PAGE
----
The haunted history associated with the Gaineswood Mansion in Demopolis, Alabama is probably most recognized from the book “13 Alabama Ghosts and Jeffery” by Alabama folklorist and author Kathryn Tucker Windham. In its infancy, the frontier property started out with a simple dog-trout cabin built by the Indian Agent, George Strother Gaines. Gaines was most noted for his meeting with the Choctaw chief, Pushmataha. Their meeting, regarding the surrender of Indian land in the region, apparently took place on the Gaineswood estate under a large post oak that would later be known as the “Pushmataha Oak”.
In 1842, the 480 acre property was purchased by General Nathan Bryan Whitfield. Construction expanded the existing log cabin into a large home and thriving plantation. Like most southern plantations, the homestead had beautiful gardens, Iron fences, stables, and slave quarters. In 1843, the Whitfield family named their home “Marlmont”. It took Twenty years to complete construction and in 1856, General Whitfield renamed the estate “Gaineswood”, after its original tenant.
Nathan and Elizabeth Whitfield lived in the home for many years and raised a family. In 1846, tragedy struck when Elizabeth died, leaving behind her husband and young children. Out of necessity, the General searched for a live-in Nanny and house keeper to help with the children and their daily needs. He met a beautiful, young, woman named Miss Carter and offered her the job. Miss Carter was from a prominent Virginia family and her father was a Greek Ambassador working in Europe at the time. Because her family was so far away, the General allowed Evelyn Carter, (the sister of his housekeeper and nanny), to spend the winter at Gaineswood with them.
Evelyn and General Whitfield shared a love of music, especially Irish folk tunes. She played the piano daily and occasionally General Whitefield would rouse his bagpipes and belt out tunes so loud the entire countryside could hear them. Evelyn was a welcome and pleasant presence at Gaineswood and the whole family loved and adored her. She and General Whitfield became great friends and she brought cheer and joy back into the home that would have otherwise been dreary for the widowed family.
As the months passed, and fall changed to winter, freezing temperatures from an unusual Alabama ice storm brought blankets of snow and ice that covered the ground. The frozen countryside looked as if it had been dropped into the artic. During this time, Evelyn had fallen in love with a local man - a Frenchmen. He was most likely part of the Louisiana exiles that settled in Demopolis, growing olive crops. He courted Evelyn Carter for some time and the couple planned to announce their engagement that spring. Sometime before the happy couple was to make their announcement public, an argument over an unknown issue caused Evelyn to become very upset and she flung her engagement ring across the garden at Gaineswood. Her French lover left and did not return. Evelyn soon fell very ill with Phenomena and died shortly after contracting the deadly infection.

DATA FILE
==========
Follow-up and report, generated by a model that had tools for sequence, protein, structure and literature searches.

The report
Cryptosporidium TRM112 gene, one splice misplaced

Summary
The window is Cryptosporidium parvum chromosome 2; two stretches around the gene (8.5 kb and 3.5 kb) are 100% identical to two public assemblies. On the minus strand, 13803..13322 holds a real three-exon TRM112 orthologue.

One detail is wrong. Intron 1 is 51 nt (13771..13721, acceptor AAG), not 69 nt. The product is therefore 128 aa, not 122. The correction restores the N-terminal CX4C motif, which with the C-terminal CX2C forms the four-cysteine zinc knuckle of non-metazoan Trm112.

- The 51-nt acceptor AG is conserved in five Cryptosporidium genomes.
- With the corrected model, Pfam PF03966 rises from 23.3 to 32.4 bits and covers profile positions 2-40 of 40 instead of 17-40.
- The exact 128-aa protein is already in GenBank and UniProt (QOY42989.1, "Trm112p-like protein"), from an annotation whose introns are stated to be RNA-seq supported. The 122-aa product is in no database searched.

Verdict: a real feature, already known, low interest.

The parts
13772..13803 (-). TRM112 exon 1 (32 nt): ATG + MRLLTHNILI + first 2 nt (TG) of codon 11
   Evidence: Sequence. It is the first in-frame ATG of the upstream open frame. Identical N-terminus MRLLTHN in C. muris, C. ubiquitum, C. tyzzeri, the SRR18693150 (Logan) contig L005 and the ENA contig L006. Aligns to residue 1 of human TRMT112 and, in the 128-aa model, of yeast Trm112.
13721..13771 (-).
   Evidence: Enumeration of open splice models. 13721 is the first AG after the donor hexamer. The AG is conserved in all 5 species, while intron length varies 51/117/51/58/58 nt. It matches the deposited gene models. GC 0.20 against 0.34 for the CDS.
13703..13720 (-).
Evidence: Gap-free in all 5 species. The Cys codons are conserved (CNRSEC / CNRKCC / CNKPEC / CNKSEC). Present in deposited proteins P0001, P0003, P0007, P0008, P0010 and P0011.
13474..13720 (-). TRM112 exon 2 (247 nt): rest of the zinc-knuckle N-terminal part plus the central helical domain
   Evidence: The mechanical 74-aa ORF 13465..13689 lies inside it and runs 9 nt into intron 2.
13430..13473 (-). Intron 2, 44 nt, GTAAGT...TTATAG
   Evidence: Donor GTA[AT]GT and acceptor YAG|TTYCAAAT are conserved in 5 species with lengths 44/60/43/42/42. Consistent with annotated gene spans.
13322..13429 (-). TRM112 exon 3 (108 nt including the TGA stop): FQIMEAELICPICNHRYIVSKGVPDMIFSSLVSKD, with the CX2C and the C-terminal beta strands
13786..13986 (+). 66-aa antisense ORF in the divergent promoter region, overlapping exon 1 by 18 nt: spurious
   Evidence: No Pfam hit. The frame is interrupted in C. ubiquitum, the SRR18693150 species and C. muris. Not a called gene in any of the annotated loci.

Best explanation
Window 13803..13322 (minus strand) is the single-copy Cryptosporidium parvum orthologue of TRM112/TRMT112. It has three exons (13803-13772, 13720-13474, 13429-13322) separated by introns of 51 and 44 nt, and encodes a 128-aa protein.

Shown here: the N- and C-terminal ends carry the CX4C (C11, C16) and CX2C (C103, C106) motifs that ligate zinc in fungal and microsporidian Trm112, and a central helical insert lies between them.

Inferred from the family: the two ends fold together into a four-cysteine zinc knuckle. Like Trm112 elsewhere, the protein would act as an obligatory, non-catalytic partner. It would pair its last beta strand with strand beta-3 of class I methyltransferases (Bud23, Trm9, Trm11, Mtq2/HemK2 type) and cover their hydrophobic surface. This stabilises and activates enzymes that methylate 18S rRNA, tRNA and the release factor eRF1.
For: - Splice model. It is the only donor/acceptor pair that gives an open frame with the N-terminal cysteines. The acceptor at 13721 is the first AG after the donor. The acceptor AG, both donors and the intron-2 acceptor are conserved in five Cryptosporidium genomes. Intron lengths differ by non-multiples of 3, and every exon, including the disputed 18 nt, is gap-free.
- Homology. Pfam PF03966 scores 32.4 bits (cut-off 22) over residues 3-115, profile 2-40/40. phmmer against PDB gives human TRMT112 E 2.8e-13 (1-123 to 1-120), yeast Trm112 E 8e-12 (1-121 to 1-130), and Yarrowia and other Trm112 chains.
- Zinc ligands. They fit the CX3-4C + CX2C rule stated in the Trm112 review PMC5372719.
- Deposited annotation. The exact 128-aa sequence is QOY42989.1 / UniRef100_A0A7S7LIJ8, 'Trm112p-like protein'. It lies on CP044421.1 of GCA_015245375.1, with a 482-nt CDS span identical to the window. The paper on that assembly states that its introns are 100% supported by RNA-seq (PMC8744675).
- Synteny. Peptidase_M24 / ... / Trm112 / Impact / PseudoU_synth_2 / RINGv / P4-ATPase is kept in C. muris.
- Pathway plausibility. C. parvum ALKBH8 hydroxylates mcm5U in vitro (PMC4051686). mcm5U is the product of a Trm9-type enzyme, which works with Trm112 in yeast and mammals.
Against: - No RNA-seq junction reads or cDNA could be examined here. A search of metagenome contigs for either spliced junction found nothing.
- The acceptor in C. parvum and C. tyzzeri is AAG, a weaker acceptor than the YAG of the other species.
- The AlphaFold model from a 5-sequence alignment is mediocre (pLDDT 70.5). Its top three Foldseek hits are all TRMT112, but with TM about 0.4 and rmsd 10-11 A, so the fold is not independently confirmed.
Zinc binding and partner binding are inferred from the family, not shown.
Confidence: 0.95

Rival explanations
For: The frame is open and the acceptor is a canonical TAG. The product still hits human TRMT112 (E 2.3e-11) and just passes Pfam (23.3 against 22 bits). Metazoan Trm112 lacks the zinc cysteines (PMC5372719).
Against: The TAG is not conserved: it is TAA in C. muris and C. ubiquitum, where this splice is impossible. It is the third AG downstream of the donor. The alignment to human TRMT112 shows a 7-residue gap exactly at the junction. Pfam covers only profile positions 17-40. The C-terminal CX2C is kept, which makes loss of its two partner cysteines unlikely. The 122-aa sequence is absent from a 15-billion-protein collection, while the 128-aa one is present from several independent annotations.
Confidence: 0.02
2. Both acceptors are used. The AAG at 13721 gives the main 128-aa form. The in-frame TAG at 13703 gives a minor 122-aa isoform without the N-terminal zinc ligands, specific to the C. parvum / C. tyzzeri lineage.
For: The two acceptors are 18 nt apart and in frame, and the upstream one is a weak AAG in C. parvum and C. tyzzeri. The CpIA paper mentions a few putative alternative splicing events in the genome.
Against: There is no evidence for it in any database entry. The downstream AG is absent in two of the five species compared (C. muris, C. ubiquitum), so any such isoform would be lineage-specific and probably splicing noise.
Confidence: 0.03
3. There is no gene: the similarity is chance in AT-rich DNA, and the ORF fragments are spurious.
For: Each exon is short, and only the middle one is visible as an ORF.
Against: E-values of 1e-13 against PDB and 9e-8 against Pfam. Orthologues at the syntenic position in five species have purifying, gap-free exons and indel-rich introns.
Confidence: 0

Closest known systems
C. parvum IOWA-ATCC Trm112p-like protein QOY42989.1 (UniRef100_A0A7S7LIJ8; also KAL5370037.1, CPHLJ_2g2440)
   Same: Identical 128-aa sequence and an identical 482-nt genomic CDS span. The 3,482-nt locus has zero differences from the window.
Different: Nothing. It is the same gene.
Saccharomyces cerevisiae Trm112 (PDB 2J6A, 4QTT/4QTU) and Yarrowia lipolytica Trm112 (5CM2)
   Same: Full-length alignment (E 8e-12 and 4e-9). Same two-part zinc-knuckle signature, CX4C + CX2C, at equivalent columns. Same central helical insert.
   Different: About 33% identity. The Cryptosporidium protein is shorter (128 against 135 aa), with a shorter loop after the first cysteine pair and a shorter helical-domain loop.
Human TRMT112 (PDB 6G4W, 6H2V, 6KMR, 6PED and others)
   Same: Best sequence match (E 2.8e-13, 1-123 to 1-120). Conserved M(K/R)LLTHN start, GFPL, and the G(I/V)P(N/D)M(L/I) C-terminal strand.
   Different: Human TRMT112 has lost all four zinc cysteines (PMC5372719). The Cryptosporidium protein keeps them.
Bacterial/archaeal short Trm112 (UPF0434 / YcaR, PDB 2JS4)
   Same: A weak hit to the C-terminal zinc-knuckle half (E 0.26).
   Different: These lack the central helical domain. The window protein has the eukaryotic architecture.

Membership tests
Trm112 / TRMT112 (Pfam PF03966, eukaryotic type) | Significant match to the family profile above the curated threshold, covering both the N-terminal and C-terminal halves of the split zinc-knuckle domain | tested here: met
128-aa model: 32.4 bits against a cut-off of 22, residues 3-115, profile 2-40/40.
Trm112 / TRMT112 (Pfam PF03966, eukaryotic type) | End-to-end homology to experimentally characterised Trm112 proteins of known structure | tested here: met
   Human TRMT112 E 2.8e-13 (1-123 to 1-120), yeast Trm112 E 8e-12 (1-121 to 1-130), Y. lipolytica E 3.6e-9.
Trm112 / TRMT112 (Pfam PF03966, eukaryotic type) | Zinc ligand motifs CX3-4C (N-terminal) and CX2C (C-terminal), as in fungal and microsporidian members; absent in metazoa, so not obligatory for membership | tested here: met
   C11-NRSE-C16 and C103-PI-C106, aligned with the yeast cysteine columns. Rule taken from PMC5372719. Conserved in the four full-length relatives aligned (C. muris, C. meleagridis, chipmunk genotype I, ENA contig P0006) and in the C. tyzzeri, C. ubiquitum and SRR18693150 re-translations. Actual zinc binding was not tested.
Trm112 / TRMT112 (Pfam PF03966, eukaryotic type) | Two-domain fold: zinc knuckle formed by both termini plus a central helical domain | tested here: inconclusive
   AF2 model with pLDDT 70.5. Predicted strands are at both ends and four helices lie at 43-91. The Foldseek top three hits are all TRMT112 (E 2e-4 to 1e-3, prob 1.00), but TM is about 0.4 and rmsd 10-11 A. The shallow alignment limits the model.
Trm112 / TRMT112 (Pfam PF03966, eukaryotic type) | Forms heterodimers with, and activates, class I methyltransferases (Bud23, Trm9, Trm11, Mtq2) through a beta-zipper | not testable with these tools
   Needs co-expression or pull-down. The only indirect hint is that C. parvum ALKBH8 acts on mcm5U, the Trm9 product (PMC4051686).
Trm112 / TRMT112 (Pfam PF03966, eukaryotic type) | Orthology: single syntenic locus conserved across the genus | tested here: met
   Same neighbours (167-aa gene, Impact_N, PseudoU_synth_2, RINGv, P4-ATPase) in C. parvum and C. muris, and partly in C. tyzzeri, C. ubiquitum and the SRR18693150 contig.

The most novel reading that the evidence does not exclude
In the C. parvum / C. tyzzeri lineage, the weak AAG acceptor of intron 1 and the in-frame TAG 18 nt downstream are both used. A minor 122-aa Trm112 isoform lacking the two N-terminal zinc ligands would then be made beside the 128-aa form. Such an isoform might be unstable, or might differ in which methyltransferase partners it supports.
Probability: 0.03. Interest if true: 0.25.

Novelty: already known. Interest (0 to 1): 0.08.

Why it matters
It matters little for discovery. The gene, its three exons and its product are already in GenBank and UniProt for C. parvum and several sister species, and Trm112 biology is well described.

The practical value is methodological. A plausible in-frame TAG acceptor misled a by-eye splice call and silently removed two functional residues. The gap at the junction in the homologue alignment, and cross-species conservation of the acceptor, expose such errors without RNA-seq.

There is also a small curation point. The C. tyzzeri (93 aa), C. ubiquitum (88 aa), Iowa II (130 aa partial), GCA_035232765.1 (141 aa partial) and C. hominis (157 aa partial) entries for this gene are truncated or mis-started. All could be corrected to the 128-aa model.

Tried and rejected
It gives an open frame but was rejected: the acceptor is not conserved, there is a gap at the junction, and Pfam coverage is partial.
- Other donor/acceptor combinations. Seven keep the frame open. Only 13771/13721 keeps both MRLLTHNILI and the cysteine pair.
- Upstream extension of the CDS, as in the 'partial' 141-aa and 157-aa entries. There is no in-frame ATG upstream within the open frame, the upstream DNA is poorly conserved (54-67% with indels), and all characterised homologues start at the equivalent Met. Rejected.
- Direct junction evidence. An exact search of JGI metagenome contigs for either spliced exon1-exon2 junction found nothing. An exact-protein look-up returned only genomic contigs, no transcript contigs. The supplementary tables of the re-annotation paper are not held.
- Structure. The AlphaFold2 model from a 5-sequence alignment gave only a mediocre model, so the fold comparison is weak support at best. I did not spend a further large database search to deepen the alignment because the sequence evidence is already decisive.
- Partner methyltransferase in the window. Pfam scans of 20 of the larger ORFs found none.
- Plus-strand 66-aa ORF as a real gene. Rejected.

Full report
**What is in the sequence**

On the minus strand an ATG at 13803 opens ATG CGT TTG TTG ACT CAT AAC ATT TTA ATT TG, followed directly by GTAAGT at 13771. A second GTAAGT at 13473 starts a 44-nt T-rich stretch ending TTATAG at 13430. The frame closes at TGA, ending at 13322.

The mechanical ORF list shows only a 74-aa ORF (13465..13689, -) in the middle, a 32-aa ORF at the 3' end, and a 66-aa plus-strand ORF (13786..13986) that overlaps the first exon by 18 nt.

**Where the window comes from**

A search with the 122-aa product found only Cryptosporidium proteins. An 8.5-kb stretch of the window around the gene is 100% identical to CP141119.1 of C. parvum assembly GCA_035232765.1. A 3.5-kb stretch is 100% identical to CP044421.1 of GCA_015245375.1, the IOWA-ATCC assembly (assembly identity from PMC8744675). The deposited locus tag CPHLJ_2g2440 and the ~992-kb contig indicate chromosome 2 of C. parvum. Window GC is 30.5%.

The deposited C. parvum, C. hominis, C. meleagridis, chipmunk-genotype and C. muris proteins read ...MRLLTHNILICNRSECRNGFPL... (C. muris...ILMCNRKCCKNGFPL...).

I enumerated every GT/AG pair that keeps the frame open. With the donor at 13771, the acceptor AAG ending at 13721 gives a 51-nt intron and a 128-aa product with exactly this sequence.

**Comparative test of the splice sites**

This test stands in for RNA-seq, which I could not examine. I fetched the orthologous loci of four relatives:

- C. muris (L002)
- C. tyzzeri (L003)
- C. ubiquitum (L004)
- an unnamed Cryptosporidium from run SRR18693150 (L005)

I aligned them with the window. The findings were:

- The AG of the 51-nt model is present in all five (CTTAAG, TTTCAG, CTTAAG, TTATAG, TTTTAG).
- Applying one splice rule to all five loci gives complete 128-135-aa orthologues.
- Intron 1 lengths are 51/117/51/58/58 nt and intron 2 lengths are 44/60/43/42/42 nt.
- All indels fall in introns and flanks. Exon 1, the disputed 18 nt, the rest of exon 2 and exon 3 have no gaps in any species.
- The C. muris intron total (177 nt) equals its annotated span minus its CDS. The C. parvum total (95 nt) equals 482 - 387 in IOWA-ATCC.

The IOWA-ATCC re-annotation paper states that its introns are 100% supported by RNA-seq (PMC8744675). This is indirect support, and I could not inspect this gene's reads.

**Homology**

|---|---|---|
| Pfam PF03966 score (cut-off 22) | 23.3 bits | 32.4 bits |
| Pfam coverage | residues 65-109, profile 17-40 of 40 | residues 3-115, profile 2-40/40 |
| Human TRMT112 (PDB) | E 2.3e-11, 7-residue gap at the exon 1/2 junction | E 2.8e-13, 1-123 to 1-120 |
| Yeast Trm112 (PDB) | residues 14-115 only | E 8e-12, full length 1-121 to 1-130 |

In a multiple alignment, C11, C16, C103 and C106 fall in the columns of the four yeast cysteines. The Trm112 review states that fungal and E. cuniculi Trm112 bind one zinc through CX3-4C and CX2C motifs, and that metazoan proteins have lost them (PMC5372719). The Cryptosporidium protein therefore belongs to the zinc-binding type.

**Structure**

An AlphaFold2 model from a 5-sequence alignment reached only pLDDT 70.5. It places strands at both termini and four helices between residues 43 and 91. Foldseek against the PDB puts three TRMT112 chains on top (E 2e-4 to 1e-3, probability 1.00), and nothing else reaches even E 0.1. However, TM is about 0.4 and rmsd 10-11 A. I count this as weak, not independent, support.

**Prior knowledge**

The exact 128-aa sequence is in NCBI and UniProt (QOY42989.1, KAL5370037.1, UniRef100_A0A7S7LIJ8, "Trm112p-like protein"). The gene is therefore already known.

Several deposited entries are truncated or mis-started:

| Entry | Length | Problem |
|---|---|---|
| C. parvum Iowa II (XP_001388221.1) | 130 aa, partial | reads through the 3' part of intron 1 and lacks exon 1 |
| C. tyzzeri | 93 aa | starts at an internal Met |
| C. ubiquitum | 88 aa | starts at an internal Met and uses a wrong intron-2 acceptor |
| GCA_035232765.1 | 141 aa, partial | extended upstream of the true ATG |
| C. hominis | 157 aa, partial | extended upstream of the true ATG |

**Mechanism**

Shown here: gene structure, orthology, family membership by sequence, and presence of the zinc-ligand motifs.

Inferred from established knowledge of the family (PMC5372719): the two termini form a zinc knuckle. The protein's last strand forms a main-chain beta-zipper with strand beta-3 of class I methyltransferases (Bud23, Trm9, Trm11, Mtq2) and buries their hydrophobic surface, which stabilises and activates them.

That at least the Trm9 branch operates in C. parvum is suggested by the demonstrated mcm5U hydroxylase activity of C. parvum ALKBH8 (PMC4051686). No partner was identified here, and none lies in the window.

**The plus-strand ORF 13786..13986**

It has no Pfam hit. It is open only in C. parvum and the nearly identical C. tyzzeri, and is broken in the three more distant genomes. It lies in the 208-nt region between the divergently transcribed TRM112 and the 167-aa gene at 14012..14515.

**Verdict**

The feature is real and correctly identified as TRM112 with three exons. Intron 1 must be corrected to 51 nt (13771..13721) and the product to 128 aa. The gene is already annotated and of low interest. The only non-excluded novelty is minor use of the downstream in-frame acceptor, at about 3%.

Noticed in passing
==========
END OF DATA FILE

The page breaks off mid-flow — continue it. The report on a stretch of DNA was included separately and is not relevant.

Because of the frozen ground and unusually cold temperatures, Evelyn’s body could not be buried. The sharpest shovel, nor horse plow, could break the icy ground. During the Victorian era, it wasn’t uncommon for a corpse to be stored in a cool cellar or basement at home until the ground thawed for burial. Like many funerary traditions of the early 1800’s, Evelyn’s body was placed in a pine coffin and stored in the cold, dark cellar at Gaineswood.
Burial didn’t come soon enough for Evelyn and her spirit could not be contained despite the fidget winter. Shortly after her body was placed in the basement, the children and her sister could hear the faint sound of the piano playing in the parlor. When they investigated the sounds, no one was found. Perhaps even more disturbing were the footsteps coming from the cellar. The haunting sound of pacing feet seemed to get louder and louder as they gathered momentum toward to basement door, at which point, the sound would stop. At night, when the house should have been quiet and still, Miss Carter would often get up to see if the children were out of bed due to the sounds of running up and down the hallways. When visitors or guests stayed overnight at Gaineswood, loud thumping throughout the mansion would often wake them, and they were forced to endure the ghostly torture until dawn when they would promptly pack up and leave.
Evelyn’s body was eventually returned to Virginia and buried in her family’s cemetery. But the paranormal phenomenon didn’t stop at Gaineswood. Her spirit is still haunting the mansion, turned museum, today. Her ghost is often seen roaming the hallways of the Greek revival style mansion, as well as the surrounding grounds outside. The ghostly piano still emanates from within the parlor and the footsteps from the cellar still manage to spook the hardest nonbelievers when they visit this Alabama landmark. After a hundred years of burial, Evelyn’s corpse rest quietly in the Virginia ground but her spirit will always be at Gaineswood in Demopolis, Alabama.